The amount of data produced by humanity is growing exponentially every year with no signs of stopping. It’s estimated that in just the first month of 2023 more data will be produced than in the entirety of 2013. With this inexorable rise comes incredible new opportunities for innovation, but with it the inevitable problem of information overload and the challenge of how to organise this information in a way that provides the most benefit to humanity.
There is clearly great business value in well organised data. In executing its mission statement to “Organise the world's information and make it universally accessible and useful” Google has become one of a handful of companies to achieve a market cap of over one trillion dollars. Indeed the vast amounts of data a business generates are almost worthless without some means of organising and categorising it.
Imagine going into a library only to discover that all of the books had been taken off the shelves and piled up in an enormous heap in the middle of the floor. The vast body of knowledge towering in front of you would be completely useless without the books being categorised on the shelves in the familiar Dewey Decimal system.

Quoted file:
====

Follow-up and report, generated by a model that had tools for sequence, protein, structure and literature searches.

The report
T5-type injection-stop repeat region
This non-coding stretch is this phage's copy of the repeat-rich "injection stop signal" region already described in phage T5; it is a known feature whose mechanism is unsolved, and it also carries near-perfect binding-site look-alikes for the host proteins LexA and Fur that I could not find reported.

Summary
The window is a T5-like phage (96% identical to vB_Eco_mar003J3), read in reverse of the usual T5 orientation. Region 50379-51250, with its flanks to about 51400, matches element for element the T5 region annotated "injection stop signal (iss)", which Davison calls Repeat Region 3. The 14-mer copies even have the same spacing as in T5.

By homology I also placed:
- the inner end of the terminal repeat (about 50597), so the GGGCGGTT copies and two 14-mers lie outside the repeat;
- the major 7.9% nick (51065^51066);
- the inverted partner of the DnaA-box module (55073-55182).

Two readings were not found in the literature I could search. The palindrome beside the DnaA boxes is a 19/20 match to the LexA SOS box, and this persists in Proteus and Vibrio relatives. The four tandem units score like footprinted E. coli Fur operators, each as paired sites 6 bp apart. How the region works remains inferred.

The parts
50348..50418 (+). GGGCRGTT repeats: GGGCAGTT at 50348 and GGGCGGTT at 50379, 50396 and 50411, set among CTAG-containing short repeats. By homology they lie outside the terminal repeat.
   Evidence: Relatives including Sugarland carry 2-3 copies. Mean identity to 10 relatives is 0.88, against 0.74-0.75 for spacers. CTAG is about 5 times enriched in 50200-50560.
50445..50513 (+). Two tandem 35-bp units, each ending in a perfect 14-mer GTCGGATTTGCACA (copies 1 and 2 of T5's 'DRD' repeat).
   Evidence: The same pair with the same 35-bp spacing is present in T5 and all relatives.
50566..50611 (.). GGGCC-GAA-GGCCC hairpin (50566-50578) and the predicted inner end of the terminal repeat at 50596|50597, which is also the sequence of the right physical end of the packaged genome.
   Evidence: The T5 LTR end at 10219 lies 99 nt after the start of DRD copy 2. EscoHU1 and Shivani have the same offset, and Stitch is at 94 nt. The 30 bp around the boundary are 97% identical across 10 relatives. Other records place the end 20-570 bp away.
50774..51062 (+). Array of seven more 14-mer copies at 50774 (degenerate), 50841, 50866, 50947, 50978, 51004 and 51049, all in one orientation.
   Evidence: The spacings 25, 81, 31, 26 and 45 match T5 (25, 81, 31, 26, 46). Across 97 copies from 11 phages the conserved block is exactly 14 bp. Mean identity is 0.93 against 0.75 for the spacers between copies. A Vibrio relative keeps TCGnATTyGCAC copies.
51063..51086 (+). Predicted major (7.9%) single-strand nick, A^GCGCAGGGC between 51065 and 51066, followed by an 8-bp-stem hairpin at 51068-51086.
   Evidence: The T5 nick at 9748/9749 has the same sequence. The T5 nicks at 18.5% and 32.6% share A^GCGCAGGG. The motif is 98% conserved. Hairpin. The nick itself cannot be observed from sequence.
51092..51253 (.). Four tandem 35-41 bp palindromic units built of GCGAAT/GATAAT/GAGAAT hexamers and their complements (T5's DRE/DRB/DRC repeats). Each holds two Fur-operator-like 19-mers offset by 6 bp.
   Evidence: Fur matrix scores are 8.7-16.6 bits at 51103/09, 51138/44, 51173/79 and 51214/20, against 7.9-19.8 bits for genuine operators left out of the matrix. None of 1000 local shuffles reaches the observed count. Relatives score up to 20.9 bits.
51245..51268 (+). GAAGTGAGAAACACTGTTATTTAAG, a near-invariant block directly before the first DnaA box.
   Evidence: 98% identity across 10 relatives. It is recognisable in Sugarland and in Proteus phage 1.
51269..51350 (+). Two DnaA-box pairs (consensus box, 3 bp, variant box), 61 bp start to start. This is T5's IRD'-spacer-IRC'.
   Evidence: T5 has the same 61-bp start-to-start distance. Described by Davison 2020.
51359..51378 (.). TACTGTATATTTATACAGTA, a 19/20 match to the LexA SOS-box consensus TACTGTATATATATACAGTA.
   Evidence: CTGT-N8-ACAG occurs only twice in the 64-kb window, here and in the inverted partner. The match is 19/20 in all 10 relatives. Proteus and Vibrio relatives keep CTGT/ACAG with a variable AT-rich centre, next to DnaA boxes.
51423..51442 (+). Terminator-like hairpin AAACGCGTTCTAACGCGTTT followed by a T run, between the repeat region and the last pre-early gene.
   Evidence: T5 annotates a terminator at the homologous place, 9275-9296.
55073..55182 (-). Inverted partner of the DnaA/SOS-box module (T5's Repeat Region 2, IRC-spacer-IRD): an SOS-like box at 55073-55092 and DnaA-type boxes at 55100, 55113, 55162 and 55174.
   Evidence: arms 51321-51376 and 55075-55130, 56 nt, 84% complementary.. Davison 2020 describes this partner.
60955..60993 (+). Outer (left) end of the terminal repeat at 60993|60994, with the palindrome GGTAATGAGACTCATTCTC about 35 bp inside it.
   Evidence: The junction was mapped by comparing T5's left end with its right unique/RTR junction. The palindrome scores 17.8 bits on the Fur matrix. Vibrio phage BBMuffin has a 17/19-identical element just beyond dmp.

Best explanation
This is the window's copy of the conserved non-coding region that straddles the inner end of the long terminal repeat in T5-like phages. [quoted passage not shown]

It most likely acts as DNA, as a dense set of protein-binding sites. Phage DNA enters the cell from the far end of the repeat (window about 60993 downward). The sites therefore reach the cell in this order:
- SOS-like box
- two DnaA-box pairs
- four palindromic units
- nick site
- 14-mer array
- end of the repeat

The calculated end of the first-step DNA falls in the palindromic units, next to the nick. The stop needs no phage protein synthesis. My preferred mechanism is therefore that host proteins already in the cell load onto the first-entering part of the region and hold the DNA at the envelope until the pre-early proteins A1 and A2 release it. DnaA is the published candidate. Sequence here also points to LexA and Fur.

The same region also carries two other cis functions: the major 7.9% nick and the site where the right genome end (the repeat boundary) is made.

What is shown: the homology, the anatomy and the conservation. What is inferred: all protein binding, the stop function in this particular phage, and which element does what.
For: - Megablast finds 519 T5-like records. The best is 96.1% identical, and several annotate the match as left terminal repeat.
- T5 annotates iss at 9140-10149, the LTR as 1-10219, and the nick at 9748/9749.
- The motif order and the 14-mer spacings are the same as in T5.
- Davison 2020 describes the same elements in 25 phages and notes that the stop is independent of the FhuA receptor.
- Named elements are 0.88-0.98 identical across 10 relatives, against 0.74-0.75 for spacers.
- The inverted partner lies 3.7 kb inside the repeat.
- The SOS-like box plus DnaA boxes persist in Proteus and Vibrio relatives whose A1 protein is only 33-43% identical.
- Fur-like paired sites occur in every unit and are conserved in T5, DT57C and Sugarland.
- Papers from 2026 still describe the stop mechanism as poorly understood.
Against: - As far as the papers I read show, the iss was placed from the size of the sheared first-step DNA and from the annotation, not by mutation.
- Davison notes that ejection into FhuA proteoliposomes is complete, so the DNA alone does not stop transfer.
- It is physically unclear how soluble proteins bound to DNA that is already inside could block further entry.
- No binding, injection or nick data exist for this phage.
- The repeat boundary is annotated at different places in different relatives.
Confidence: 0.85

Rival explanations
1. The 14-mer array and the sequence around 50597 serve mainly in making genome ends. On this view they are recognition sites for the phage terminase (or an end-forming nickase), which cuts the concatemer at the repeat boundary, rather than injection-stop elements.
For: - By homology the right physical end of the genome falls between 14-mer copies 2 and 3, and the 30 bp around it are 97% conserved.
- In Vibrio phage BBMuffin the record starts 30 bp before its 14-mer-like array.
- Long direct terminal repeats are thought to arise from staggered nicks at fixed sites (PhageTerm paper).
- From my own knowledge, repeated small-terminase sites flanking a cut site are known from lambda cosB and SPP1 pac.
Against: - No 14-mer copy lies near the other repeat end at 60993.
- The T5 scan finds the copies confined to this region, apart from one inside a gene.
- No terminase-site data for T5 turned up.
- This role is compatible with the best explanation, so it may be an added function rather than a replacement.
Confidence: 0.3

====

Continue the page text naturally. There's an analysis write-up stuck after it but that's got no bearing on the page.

This is why categorisation is essential for a businesses to unlock the value in the data they own. Put simply: Once the amount of data you hold is more than you can browse through it becomes worthless without the means to categorise it.
Before we can start organising data into categories it’s essential that we decide what those categories are. Going back to our jumbled library it’s no use if I call Inspector Poirot a “Detective novel”, but you call it a “Murder Mystery”. That’s where taxonomies come in. It might sound like a technical word, but it’s simply a tree structure into which everything has its place.
There are many types of Taxonomies we are all familiar with from the aforementioned Dewey Decimal System for books, to Darwin’s Tree of Life breaking animals and plants down into their species.